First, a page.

making local government more ethical
Richard W. Painter's Getting the Government America Deserves: How Ethics Reform Can Make a Difference (Oxford U.P., 2009) may be about the federal executive branch ethics program, but this excellent book also has a lot to offer to local government ethics. This is the first of three blog posts about this book, focusing on Painter's recommendations for ethics reform and how they could be applied to local government ethics programs.

Contractors et al.
Painter notes that those who oppose ethics program jurisdiction over government contractors argue that it is unnecessary because contract employees are not decisionmakers, company ethics policies are adequate, it is obvious when contract employees try to steer decisions to favor their employer's interests, and ethics oversight over contractors is burdensome and costly.

Citing a General Accounting Office report from 2008, Painter argues that contract employees have influence, even when they do not make decisions (and, I would add, they do sometimes make decisions), and that it is not obvious when they provide biased information (or, I would add, when they act in ways that benefit themselves or their employer).

One of the most frequent mistakes in the drafting of a government ethics code is prohibiting officials from having conflicts of interest. There is nothing wrong with an official having a conflict of interest. There is only something wrong with an official creating a conflict or failing to deal responsibly with a pre-existing conflict. As can be seen in Massachusetts, where such a prohibition has made big waves, the prohibition of having a conflict can cause serious problems.

On April 17, the District of Columbia ethics board filed recommendations for ethics reform with the council (see my blog post on the recommendations). Council member Kenyan R. McDuffie has introduced a bill that includes some of these recommendations (attached; see below). On October 7, a hearing on the bill will be held by the council's Committee on Government Operations.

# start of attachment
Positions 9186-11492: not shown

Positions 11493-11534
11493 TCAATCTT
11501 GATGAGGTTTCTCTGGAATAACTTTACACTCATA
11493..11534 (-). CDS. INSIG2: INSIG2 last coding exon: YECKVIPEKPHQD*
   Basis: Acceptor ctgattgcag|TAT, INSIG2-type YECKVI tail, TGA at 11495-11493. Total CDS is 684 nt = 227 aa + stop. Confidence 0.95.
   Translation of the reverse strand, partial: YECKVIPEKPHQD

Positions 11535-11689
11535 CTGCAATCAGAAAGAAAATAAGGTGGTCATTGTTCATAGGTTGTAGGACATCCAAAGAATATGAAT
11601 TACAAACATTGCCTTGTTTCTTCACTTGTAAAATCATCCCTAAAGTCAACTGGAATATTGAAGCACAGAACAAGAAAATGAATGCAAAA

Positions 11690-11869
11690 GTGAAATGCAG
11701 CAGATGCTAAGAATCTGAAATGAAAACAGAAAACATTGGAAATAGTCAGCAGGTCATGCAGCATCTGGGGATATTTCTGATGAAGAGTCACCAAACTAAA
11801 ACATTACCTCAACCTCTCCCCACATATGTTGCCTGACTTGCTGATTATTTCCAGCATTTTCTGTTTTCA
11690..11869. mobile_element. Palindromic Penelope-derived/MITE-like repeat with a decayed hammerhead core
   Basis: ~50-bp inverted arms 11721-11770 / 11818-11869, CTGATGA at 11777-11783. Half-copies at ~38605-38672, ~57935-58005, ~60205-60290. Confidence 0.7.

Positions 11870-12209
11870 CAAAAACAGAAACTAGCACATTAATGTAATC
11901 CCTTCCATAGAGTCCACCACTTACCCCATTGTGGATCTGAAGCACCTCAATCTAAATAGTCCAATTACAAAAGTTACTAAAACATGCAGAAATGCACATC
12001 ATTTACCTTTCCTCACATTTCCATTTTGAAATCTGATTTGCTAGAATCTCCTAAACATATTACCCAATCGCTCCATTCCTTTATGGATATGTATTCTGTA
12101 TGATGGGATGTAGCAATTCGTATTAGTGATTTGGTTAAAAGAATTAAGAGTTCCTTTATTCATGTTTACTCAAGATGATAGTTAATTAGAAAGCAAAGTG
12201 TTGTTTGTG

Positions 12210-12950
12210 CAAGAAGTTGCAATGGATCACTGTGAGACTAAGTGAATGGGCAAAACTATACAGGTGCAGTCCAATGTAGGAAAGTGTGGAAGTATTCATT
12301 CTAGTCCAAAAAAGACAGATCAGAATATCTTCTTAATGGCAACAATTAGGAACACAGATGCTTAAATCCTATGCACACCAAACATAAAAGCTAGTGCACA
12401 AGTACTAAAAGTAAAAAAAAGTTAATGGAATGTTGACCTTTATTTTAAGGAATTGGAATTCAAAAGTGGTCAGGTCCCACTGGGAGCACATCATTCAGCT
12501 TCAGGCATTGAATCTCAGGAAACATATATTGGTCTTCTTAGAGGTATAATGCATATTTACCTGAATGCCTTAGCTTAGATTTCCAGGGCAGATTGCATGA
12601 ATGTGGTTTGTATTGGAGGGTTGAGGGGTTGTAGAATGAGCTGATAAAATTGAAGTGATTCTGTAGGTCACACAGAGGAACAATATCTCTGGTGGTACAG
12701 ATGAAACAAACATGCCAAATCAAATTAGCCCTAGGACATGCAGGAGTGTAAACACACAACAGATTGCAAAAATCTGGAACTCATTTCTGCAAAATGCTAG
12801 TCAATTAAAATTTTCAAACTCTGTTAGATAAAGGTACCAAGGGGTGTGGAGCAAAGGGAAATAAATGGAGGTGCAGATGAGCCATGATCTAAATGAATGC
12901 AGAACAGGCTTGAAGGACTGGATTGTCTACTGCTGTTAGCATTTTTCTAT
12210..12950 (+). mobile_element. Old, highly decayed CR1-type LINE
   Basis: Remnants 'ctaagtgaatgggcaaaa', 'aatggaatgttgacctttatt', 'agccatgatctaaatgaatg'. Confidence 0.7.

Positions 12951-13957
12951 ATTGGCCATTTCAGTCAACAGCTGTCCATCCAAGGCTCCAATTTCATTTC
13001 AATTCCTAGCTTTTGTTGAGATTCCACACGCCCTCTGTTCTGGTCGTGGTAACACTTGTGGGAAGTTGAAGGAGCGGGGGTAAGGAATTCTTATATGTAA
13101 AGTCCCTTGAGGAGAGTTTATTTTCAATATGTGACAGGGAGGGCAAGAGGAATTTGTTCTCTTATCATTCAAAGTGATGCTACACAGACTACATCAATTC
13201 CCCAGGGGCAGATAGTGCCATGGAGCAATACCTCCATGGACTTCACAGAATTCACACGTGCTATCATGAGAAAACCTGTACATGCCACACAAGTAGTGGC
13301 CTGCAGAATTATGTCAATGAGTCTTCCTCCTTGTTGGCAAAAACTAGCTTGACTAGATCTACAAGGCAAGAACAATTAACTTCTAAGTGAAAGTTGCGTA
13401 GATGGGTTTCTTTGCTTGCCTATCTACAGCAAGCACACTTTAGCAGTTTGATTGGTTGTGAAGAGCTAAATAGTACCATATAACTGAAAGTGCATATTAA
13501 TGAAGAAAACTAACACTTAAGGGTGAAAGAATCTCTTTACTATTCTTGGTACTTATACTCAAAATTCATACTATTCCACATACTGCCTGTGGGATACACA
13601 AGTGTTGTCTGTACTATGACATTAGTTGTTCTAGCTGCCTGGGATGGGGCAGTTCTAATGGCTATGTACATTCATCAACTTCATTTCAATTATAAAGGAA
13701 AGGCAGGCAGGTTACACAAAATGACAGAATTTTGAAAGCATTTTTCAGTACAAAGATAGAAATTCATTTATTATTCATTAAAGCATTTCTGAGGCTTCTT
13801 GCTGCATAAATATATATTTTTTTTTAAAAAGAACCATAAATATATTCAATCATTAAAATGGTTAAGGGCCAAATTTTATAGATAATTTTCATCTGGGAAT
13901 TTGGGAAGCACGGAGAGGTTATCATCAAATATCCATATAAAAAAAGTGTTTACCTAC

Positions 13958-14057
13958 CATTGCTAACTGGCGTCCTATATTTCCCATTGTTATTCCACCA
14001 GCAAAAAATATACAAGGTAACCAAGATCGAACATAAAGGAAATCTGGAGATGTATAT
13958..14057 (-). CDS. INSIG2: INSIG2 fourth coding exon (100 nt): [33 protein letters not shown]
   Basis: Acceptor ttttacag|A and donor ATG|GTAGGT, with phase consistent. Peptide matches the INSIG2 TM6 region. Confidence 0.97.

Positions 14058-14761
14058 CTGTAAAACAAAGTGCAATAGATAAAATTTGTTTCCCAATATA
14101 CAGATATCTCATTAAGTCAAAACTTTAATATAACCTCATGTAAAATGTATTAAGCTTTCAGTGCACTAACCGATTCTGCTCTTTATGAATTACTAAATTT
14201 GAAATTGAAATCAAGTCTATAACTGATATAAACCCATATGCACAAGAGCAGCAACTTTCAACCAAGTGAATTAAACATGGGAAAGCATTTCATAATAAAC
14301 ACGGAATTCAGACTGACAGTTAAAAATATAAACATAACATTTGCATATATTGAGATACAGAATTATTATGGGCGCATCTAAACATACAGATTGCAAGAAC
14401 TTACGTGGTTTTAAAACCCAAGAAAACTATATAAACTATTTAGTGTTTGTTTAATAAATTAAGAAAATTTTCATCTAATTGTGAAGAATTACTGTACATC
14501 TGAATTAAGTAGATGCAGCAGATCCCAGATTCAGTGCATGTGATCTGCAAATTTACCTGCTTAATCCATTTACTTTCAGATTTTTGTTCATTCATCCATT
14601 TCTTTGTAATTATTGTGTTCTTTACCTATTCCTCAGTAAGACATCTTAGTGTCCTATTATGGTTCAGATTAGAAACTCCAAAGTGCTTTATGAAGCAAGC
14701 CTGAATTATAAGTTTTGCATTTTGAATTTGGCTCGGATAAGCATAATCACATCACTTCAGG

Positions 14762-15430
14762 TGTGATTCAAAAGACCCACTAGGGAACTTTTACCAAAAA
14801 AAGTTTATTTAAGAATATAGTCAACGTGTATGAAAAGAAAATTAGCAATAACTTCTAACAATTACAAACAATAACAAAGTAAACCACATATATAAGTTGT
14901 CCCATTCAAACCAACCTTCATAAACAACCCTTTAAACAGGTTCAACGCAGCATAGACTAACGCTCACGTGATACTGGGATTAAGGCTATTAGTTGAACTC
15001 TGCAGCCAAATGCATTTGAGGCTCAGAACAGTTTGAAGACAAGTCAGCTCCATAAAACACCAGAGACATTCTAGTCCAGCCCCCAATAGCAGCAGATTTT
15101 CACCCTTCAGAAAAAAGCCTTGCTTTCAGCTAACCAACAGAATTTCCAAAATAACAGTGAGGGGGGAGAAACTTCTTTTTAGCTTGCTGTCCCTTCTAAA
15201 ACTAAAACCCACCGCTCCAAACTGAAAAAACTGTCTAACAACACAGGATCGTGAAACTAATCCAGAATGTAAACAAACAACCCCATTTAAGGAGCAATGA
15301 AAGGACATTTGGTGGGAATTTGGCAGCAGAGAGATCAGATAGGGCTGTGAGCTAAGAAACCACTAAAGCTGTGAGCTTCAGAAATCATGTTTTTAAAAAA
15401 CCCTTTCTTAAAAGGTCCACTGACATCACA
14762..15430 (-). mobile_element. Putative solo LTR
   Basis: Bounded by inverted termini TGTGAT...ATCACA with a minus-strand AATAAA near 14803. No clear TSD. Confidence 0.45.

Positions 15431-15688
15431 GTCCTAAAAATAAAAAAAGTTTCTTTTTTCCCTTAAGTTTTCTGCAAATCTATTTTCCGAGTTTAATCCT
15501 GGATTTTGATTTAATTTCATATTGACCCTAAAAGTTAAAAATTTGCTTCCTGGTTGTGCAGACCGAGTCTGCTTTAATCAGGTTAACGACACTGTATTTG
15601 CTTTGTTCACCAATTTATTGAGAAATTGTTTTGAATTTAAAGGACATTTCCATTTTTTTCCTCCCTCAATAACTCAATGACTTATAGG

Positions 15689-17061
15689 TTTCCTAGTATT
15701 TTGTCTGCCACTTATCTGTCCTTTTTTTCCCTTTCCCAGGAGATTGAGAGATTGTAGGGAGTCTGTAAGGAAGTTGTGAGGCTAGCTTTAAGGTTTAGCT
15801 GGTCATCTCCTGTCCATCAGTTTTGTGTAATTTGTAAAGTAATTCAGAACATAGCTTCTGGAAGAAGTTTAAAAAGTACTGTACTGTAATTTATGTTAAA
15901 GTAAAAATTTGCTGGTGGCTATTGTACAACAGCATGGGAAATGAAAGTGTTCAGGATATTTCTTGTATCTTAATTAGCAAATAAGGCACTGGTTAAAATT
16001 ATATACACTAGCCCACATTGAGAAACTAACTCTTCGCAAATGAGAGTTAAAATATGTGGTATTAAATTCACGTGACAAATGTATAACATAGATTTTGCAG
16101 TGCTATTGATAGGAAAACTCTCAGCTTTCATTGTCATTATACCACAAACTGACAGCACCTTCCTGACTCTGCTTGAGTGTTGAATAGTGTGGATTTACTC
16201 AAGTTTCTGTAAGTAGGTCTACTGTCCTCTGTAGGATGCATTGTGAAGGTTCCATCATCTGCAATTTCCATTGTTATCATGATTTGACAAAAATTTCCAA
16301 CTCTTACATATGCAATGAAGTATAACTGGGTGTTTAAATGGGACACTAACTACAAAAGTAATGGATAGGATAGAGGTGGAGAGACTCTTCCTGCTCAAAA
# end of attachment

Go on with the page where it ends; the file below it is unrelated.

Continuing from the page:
For the most part, only the ethics board's miscellaneous recommendations are included in this bill. These were among its best recommendations. But the ethics program needs more than changes here and changes there, especially changes focused on enforcement. It needs to put the essential elements of a government ethics program into place. It's good to see that there is a commitment to continuing improvement, but it's not clear that there is a vision in the District of what the ethics program should be or of what the priorities are.

Here are the most important changes in the bill, with my comments.

Ethics provisions dealing with contracts often ignore subcontractors. This leaves open a big loophole, through which an official can get a big piece of a contract by hiding behind a contractor. This is part of a larger problem: ignoring indirect benefits.

According to an article put up last night on the St. Louis Beacon website, this problem arose this week in St. Louis County, which does not have a government ethics program (the state ethics commission has jurisdiction over county officials).

Should the Josephson Institute's Five Principles of Public Ethics be enforceable by a local government? And if not, why not?

Article I of Allen Park, MI's charter consists of the five Josephson Institute principles, plus one more about "congeniality and productivity." Here are the five Josephson principles:
It came to my attention in an interview with Professor James Svara, for a paper I am writing for the journal Public Integrity, that in March 2013, the American Society for Public Administration (ASPA) made substantial — sometimes beneficial, sometimes harmful, sometimes baffling — changes to its Code of Ethics (the revised code is attached; see below). This post will look at the changes that involve conflicts of interest.